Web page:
Schmidt said, “We have world class standards, we can elevate performance, we have support from teachers and parents, but we haven’t convinced our kids that learning math is important.” Schmidt shared survey data that indicates students believe they are asked to memorize more than learn, that grades are a game, and that math isn’t that important to future success.
David Coleman, the new College Board CEO, said Common Core State Standards (CCSS) were developed by states and leave lots of room for local control of pathways to achieving the new higher expectations. “These standards tell the truth to students about their path to college and career.”
On competency-based learning, Coleman said that with a “staircase to college and career readiness, some will race up that staircase faster.” Schmidt agreed that some students will move faster but said the real opportunity was to spend more time going deeper. Schmidt is confident that the math standards are a big step forward. “We’re on the right road!”
Every Child, Every Day. John Bailey of Digital Learning Now! led a digital learning session that included Superintendent Mark Edwards of Mooresville, North Carolina. Edwards’ book (out 1/1/13) is called Every Child, Every Day. It describes the digital conversion in his district that boosted graduation rates from 64 percent in five years to 90 percent. As noted Monday the transformation was internally funded by relocating about $250 per student in the annual budget.
Georgia Senator Chip Rogers led efforts to expand access to online learning, create a digital content clearinghouse, and create room for multiple providers. “We are forcing students into something that is not natural to them,” said Rogers. On the new requirement for at least one online course in high school, Rogers said, “If a student graduated in 2019 without taking at least one online class, we should be ashamed ourselves.”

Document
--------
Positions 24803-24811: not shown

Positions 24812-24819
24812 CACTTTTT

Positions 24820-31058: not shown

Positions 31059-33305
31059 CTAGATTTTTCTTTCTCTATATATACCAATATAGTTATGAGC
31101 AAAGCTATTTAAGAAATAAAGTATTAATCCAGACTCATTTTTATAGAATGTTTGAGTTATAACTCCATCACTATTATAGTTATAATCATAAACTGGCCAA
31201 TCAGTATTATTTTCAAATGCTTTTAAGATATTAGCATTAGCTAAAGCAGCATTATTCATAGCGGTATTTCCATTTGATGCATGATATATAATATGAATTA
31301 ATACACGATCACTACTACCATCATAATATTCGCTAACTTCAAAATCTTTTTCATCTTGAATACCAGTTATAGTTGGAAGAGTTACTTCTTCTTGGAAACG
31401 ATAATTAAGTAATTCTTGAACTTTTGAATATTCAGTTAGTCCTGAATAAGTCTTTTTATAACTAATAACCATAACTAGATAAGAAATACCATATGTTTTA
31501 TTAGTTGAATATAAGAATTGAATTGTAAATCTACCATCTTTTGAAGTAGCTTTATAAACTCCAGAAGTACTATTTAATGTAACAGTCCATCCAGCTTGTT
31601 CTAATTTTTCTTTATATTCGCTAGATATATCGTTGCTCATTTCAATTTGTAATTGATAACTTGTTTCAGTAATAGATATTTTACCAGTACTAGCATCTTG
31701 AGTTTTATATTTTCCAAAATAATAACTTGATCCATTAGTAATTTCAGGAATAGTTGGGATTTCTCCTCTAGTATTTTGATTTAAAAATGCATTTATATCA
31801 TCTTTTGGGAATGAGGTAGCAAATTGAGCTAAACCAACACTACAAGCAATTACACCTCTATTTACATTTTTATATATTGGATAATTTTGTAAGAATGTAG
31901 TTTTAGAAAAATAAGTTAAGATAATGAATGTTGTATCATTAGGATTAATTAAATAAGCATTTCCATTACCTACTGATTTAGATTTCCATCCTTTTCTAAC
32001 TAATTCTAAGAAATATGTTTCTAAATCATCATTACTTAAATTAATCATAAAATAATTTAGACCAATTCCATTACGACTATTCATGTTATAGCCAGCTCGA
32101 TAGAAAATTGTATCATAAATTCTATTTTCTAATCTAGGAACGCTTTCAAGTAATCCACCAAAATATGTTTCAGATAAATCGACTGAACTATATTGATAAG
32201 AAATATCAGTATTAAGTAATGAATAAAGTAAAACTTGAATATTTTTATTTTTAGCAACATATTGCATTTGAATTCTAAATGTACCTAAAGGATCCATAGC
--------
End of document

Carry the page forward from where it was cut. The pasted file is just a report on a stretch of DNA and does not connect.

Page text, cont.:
Janet Barresi, Oklahoma chief, is excited to see elementary students blog, to watch teachers implementing higher standards, and hear superintendents saying, “This can be done.” Barresi echoed a sense of urgency by saying, “A quality education is the single most important key to getting children out of poverty.”
Barresi is working to form public-private partnerships that will help create access and bandwidth for OK students across the state. “You can have all the aspirations, but you need the infrastructure in place to make it work,” said Barresi.
Governor Bev Perdue of North Carolina shared her three principles for implementing technology: innovation, collaboration, and flexibility during the session. Her advice also included building systems that are adaptable, open, and transparent.
Representative Pam Myhra of Minnesota who drafted digital learning legislation this year added that the most valuable resource in developing her bill was the Digital Learning Now! State Report Card. John Bailey said this year’s data will be shared in early 2013.
Don’t have time to evolve. Citing a Council on Foreign Relations report she co-chaired, former Secretary of State Condoleezza Rice said the state of American public education posed a national security risk. When asked if she advocated for evolution or revolution, she said, “We don’t have time to evolve.”
The Excellence in Action agenda formula for revolution includes students reading by third grade, a strong system of school accountability, better pay for effective teachers, and quality choices for families.  That doesn’t sound much like a revolution, but it would be if it existed at scale.
Patricia Levesque closed the conference tying together the theme of leadership and urgency that was echoed in every session.
Foundation for Excellence in Education is a Getting Smart Advocacy Partner.

Tom Vander Ark

Tom Vander Ark is the CEO of Getting Smart. He has written or co-authored more than 50 books and papers including Getting Smart, Smart Cities, Smart Parents, Better Together, The Power of Place and Difference Making. He served as a public school superintendent and the first Executive Director of Education for the Bill & Melinda Gates Foundation.